In the world of mathematical research, the word "constructivism" refers to a debate addressing the existence of objects that cannot be explicitly constructed. If such assumptions are disallowed, some aspects of the infinite become very difficult to deal with. However, in the field of mathematics education (which is simultaneously close to and distant from mathematical research), constructivism instead applies to an approach to learning based on individual experience.

For a little more than a decade, so-called Math Wars have raged across the country. Textbooks and curricula advocating an exclusively constructivist approach to mathematics have been adopted by many boards of education both on the state and local levels. A very insightful comparison between a constructivist and a deductionist approach to the Pythagorean Theorem was written by G. D. Chakerian and K. Kreith of the UC Davis Department of Mathematics when the Math Wars reached the secondary schools of Davis.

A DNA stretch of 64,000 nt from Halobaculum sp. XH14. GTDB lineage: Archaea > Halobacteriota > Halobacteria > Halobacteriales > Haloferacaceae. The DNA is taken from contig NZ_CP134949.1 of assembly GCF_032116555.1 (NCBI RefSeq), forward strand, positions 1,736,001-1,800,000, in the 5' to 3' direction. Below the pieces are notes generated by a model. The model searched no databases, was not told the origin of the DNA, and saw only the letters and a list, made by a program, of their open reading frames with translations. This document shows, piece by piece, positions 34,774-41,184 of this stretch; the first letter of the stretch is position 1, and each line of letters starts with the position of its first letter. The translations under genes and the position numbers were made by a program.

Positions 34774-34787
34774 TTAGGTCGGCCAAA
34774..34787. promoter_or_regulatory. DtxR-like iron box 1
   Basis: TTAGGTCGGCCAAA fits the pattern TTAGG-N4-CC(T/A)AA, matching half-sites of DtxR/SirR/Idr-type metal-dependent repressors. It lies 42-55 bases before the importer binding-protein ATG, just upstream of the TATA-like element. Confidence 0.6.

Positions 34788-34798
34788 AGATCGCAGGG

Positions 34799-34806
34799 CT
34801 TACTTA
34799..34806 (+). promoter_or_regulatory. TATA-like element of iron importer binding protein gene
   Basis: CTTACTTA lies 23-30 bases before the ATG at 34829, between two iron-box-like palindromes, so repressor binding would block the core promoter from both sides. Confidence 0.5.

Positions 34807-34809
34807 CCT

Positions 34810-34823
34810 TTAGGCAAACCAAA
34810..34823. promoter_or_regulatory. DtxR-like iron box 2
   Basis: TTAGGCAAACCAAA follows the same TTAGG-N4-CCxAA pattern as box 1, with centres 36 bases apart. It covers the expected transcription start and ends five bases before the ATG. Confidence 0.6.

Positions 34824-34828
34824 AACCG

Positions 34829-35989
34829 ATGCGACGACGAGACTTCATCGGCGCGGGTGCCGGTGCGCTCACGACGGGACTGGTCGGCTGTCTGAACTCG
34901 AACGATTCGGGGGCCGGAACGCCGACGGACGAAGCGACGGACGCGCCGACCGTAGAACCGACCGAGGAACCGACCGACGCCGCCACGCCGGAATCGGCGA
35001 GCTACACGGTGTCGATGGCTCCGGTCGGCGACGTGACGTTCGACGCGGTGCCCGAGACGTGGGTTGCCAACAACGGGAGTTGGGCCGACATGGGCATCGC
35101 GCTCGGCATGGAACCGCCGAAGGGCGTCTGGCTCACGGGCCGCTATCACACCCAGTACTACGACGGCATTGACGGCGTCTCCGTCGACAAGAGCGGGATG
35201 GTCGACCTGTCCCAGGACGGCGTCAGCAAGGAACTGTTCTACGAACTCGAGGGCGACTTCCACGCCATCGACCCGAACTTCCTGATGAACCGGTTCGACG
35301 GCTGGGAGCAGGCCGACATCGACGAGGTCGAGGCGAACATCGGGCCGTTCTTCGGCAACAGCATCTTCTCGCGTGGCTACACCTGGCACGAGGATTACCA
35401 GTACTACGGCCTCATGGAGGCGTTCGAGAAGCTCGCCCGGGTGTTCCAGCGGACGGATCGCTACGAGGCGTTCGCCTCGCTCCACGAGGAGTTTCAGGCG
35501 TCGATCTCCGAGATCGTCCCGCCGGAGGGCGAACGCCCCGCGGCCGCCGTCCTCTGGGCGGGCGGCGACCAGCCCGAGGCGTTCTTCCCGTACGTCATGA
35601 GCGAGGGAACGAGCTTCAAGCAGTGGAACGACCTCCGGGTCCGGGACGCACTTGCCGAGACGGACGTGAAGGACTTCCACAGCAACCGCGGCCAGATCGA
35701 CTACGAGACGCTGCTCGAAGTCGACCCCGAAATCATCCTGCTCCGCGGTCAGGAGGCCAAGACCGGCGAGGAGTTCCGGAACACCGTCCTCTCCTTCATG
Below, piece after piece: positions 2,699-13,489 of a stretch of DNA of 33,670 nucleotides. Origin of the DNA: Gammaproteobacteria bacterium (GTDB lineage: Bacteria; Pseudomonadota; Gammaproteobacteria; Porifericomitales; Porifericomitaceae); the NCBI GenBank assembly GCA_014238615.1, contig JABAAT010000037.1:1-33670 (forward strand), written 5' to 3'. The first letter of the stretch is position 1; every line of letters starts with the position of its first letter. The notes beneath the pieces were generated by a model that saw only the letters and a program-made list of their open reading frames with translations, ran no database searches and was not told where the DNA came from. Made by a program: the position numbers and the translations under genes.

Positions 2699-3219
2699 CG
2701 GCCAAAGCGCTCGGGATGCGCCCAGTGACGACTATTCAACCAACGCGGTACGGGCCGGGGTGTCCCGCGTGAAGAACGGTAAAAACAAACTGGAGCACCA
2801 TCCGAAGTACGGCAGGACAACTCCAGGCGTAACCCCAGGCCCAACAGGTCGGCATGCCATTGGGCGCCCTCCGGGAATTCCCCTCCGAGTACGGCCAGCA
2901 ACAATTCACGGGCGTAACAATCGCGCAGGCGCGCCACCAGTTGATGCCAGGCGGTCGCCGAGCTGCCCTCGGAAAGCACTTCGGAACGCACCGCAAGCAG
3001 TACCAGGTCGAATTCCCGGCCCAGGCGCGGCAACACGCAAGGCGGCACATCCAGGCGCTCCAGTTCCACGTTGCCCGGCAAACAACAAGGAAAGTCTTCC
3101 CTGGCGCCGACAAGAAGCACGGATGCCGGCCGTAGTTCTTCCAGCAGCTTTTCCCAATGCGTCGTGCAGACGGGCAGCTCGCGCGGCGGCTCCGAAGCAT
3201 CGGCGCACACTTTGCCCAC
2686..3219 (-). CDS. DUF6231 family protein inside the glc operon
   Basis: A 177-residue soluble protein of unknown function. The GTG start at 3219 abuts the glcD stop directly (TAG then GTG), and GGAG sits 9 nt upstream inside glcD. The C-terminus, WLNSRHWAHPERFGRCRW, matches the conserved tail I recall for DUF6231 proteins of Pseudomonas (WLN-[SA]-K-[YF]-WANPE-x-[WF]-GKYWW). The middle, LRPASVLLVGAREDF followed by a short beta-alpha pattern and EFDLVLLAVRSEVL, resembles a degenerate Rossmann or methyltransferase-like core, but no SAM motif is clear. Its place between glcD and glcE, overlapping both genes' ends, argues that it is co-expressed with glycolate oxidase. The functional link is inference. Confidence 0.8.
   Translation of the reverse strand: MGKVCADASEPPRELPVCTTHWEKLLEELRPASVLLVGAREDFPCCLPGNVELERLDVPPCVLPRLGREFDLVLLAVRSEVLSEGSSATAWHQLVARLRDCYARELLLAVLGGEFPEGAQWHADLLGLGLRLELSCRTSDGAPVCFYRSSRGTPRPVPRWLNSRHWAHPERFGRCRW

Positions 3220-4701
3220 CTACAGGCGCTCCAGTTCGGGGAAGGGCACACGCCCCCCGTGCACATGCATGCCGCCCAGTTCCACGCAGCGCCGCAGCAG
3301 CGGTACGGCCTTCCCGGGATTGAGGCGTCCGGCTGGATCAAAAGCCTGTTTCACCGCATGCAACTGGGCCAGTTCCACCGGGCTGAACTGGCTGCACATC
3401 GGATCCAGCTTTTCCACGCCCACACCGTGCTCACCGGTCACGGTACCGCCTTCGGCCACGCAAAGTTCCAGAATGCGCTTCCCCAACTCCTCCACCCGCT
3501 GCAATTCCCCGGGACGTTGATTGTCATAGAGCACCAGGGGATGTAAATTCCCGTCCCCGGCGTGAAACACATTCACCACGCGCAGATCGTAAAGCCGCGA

What I find saddest about this situation is that Mathematics education does benefit from taking constructivism into account. The best teachers from whom I've ever had the pleasure to learn made excellent use of examples to be worked out by the student, often when only a partial understanding of the mathematical theory had been presented. However, these instructors made absolutely certain to declare clearly to the students the general principles governing the behavior of these examples. Examples present students with data; theorems provide a framework for making sense of these data. Without teaching students the theorems that control the behavior of the numbers that surround us, we tell them either that a few examples suffice to determine general behavior, or that every situation is a special case and general principles cannot inform our understanding. I'm not sure which is a more dangerous lesson to learn.

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